Significant Privacy Issues

    How expansive is this program? The Washington Post reviewed a sample of communications from the Edward Snowden leaks and found that 9 out of 10 people in the database were not surveillance targets. Nearly half of these people were American citizens or residents, and their private information was swept up in this net.

    This isn’t just a matter of preserving privacy. Once information enters this program, all conventional constitutional law goes by the wayside. The FBI has access to this program to do “backdoor searches” for any crime without a warrant. That information can be passed along to whichever law enforcement agencies the FBI deems necessary. Furthermore, this isn’t a minor program that applies to a few people. There were an estimated 106,469 targets in 2016.

    Even former CIA and NSA director Michael Hayden has admitted that the FBI’s access to this information without a warrant is a “no-fooling legitimate issue.” Hence, a small but bipartisan group within Congress supported the USA RIGHTS Act that would have maintained national security intelligence without sacrificing Americans’ basic freedoms. The bill would have required a warrant for FBI access to US citizens’ communications.

    A group of five Senators, notably Ron Wyden (D-OR) and Rand Paul (R-KY), filibustered the FISA Reauthorization Act of 2017 in hopes of redirecting support for the USA Rights Act. Unfortunately, their effort was nullified when Sen. Claire McCaskill (D-MO) cast the deciding vote that ended the filibuster. She was one of 18 Democrats who voted in kind.

    Bear in mind, the Democrats have consistently criticized President Trump’s authoritarian ways, yet their support for this bill contradicted all of their pleas for responsible leadership. Moreover, this filibuster was nullified on January 16th, the day after the birthday of Martin Luther King, one of the foremost victims of federal government persecution.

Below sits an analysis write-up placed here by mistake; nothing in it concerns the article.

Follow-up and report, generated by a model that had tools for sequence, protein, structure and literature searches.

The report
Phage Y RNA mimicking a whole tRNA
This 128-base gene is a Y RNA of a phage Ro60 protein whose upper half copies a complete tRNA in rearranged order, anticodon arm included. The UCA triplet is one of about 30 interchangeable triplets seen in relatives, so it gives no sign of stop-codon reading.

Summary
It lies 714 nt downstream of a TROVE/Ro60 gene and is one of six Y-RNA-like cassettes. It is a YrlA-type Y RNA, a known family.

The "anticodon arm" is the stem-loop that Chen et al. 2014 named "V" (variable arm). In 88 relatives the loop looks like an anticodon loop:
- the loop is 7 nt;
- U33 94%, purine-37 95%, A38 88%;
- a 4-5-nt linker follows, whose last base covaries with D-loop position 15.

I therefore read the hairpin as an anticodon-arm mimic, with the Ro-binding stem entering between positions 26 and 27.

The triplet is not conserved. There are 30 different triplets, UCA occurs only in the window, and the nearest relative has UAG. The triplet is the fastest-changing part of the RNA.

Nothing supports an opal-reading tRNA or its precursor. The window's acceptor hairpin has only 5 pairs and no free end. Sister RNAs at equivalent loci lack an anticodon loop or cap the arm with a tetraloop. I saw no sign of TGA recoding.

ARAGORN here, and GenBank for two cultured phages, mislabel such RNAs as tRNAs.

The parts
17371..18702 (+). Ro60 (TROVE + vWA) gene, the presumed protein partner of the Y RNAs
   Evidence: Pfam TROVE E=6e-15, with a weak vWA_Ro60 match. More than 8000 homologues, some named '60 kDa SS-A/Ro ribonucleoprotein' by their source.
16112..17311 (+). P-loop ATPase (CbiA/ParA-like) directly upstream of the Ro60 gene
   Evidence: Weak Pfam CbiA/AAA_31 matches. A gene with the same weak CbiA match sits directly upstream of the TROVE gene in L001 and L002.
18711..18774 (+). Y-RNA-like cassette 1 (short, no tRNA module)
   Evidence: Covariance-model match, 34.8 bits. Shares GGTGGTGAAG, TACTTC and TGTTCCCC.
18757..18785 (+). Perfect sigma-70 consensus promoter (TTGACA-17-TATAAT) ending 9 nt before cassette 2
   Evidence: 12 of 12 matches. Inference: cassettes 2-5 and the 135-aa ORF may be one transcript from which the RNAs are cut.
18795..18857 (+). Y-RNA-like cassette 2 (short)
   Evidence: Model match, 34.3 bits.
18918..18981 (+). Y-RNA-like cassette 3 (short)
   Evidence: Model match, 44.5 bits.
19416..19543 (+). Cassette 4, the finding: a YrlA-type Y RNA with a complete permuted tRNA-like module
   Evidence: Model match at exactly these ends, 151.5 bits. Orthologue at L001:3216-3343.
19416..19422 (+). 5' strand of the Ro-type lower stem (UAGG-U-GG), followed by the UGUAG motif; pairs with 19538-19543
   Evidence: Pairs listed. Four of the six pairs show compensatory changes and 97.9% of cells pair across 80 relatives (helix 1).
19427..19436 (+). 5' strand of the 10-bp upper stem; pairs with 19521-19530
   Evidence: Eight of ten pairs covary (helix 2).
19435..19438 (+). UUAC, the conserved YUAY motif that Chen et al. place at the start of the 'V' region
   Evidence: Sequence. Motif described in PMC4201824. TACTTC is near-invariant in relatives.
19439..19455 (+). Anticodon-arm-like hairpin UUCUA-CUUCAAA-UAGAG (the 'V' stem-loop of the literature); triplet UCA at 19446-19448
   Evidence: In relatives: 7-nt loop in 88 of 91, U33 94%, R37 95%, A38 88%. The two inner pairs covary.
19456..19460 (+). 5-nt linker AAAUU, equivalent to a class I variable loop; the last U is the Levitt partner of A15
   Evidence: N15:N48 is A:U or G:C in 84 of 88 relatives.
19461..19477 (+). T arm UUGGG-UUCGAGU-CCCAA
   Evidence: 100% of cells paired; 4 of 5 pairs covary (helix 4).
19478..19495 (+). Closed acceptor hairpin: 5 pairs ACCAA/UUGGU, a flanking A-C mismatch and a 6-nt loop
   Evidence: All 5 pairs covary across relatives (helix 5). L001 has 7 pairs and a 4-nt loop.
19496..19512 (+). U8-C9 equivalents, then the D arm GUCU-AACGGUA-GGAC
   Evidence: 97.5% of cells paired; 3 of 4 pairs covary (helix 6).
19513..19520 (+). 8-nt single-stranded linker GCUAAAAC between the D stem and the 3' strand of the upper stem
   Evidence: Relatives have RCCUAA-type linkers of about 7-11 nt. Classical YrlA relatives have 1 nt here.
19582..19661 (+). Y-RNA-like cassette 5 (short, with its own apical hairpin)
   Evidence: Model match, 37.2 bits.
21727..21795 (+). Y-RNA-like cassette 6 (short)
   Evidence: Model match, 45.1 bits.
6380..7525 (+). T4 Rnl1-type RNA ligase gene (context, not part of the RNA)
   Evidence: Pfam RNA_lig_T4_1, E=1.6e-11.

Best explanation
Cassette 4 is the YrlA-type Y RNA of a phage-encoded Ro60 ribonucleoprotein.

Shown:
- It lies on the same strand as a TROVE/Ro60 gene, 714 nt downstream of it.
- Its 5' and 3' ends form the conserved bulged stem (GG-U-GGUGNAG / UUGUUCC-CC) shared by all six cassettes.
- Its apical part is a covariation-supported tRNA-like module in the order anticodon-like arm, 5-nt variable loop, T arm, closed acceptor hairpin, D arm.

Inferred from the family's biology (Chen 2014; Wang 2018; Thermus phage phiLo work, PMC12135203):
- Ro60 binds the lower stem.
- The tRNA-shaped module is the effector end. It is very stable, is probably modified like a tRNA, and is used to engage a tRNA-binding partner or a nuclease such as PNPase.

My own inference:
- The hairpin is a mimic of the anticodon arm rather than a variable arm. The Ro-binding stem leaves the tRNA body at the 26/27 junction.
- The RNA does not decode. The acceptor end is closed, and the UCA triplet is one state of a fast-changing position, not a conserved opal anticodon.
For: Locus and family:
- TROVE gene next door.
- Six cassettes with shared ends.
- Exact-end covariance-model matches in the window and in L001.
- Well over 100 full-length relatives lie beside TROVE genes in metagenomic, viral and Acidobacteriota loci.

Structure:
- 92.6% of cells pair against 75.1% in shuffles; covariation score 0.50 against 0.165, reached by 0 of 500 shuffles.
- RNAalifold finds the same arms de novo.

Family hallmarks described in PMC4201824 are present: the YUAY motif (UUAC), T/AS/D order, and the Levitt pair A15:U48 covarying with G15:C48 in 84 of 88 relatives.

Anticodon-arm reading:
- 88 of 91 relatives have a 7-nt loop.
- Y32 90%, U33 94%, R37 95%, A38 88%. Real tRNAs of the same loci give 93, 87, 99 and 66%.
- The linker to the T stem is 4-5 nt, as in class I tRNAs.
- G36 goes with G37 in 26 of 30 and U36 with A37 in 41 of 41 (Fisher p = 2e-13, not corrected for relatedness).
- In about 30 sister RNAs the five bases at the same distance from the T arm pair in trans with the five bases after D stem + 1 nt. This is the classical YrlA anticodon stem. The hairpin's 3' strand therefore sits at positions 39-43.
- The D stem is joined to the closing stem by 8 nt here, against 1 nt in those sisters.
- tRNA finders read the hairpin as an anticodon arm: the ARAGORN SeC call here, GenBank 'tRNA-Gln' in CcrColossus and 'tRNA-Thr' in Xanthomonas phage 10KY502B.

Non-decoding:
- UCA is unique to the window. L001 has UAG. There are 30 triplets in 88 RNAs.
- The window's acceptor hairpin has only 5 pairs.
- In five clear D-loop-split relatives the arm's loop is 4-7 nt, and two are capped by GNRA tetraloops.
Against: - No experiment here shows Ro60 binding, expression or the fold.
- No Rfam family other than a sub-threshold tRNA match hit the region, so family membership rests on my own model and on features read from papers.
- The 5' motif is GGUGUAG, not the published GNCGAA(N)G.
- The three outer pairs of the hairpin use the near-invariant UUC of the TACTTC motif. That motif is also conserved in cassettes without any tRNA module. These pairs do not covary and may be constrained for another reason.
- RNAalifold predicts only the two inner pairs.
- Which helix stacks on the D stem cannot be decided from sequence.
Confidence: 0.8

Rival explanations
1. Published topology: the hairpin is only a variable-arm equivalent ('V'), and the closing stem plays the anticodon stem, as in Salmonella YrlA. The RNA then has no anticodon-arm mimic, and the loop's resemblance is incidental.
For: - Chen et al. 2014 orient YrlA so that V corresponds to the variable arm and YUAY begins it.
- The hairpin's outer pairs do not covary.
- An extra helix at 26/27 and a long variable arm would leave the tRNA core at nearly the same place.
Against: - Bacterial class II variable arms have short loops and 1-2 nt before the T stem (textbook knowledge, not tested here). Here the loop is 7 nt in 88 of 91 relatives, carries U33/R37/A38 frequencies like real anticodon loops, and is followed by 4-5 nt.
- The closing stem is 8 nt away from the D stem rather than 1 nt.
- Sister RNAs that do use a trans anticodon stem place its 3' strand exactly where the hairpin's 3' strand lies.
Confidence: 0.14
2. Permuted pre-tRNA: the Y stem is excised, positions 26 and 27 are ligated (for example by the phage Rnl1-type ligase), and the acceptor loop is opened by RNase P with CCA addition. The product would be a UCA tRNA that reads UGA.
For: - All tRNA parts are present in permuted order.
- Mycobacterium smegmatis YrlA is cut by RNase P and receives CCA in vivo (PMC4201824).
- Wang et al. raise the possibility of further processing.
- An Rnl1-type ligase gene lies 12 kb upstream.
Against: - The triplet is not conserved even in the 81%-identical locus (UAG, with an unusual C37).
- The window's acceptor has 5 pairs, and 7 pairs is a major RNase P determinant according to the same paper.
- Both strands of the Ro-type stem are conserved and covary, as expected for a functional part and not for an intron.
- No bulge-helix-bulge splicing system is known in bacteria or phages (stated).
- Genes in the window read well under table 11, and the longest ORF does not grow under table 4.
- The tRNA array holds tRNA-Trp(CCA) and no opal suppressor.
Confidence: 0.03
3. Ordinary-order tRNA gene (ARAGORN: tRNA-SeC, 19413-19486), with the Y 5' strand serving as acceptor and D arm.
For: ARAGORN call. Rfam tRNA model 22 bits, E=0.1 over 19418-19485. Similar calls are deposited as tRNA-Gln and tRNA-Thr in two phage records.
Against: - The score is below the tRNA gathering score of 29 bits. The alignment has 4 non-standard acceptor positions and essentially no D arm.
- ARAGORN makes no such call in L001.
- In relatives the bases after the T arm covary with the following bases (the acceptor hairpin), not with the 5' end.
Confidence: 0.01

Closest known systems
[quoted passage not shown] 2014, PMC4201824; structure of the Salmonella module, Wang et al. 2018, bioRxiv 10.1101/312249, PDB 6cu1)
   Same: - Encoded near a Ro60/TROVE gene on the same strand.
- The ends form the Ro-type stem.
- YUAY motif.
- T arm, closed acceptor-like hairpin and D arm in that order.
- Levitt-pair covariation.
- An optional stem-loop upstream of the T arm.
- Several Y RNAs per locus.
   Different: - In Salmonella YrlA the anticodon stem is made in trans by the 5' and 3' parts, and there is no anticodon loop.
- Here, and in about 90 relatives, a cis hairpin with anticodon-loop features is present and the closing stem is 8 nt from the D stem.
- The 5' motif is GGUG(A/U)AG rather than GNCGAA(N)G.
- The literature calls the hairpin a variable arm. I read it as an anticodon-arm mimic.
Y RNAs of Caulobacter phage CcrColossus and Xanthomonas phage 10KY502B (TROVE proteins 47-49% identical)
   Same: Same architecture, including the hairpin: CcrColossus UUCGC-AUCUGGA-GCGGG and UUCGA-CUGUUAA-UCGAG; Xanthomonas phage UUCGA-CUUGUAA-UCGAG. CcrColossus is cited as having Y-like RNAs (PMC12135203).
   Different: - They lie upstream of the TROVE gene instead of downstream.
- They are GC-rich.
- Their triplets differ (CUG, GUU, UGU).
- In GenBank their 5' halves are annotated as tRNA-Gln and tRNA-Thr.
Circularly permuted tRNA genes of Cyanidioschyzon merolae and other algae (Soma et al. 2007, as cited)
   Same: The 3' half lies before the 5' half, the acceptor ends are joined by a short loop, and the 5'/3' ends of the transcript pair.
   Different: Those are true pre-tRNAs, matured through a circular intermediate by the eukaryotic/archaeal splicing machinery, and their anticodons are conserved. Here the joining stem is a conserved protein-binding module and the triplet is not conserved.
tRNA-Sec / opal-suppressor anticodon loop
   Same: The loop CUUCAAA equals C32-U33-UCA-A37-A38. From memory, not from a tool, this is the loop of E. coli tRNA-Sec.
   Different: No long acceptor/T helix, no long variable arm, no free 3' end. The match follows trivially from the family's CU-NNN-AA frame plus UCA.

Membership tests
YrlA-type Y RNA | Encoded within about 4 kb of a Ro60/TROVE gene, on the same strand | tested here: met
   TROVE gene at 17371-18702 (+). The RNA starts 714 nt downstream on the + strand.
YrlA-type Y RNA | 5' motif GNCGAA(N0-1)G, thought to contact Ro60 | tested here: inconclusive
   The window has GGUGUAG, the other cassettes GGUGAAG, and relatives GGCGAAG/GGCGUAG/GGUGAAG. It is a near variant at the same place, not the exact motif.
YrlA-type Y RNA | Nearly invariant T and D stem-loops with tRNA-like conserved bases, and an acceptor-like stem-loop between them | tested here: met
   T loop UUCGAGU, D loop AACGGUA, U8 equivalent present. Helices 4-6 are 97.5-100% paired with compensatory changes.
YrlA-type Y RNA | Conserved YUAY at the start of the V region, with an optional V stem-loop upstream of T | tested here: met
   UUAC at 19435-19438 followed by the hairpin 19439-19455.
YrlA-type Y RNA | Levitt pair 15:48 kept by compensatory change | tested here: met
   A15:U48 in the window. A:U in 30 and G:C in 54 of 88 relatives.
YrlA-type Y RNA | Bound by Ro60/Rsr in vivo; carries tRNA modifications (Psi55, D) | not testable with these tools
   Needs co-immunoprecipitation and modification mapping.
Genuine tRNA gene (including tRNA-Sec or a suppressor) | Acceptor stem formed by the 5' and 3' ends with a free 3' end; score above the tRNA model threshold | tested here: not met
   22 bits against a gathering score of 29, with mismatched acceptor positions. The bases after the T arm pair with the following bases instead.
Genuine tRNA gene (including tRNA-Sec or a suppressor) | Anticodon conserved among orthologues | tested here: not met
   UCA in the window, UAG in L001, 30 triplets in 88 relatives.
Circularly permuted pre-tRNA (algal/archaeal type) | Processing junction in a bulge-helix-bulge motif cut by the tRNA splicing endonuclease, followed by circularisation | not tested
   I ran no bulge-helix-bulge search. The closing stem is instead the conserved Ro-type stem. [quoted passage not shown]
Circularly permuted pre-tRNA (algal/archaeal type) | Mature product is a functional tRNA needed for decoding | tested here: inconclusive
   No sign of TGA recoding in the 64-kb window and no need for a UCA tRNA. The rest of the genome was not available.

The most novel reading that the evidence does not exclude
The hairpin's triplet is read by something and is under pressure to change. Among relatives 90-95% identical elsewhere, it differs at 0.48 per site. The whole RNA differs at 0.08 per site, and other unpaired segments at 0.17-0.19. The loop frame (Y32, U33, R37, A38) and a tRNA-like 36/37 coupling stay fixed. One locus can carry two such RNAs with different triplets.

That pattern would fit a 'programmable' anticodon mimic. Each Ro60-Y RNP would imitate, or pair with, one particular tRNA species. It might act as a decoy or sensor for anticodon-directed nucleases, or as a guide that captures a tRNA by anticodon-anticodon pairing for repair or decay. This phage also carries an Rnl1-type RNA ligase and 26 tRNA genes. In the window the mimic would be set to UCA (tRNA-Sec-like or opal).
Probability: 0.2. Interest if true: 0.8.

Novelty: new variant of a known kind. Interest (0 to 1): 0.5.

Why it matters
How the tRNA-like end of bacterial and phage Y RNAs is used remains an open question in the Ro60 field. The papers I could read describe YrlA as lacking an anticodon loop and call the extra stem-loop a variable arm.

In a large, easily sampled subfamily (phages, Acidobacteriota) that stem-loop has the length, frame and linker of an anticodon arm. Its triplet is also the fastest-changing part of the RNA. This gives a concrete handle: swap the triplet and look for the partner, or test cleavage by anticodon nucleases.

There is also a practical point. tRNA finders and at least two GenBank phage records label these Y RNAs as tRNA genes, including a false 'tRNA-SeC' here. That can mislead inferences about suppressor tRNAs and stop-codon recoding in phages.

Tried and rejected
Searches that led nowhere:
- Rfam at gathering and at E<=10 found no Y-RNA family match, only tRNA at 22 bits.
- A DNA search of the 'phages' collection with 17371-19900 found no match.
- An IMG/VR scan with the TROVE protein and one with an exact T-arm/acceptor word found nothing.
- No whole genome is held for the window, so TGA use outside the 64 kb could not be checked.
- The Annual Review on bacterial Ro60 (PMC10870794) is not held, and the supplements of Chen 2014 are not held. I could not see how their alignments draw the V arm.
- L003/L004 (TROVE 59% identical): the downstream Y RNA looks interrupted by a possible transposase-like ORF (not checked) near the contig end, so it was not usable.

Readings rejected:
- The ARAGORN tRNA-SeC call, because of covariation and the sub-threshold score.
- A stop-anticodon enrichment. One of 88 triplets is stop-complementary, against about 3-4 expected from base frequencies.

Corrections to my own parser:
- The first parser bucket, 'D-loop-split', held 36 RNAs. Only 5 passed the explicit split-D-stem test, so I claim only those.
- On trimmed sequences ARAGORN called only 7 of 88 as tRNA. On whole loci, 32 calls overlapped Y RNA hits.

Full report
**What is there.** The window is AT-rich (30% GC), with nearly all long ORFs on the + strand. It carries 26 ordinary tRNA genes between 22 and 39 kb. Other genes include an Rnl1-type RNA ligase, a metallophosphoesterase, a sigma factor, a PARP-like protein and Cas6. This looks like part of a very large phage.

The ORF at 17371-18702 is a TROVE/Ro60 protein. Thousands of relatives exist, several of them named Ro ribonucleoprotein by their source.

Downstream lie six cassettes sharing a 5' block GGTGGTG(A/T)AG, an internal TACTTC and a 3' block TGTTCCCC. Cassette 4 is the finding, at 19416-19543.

No Reform, Just Expansion

    Nonetheless, Congress passed this bill under the guise that reforms in favor of civil liberties had been made. The new law requires the FBI to obtain a warrant to search the 702 database for information about American citizens. However, there’s a catch. The FBI only needs to get a warrant if that person is already under criminal investigation. Consequently, this “reform” actually incentivizes the FBI to conduct more arbitrary searches and provides criminals with better protections.

    Some legal experts, such as Robyn Greene of the Open Technology Institute at New America, contest that the new law has also essentially reauthorized and expanded a practice that the NSA agreed to discontinue. This involves the collection of “about” data in which your personal communications can be swept up by the NSA for mentioning a person who is a target of surveilla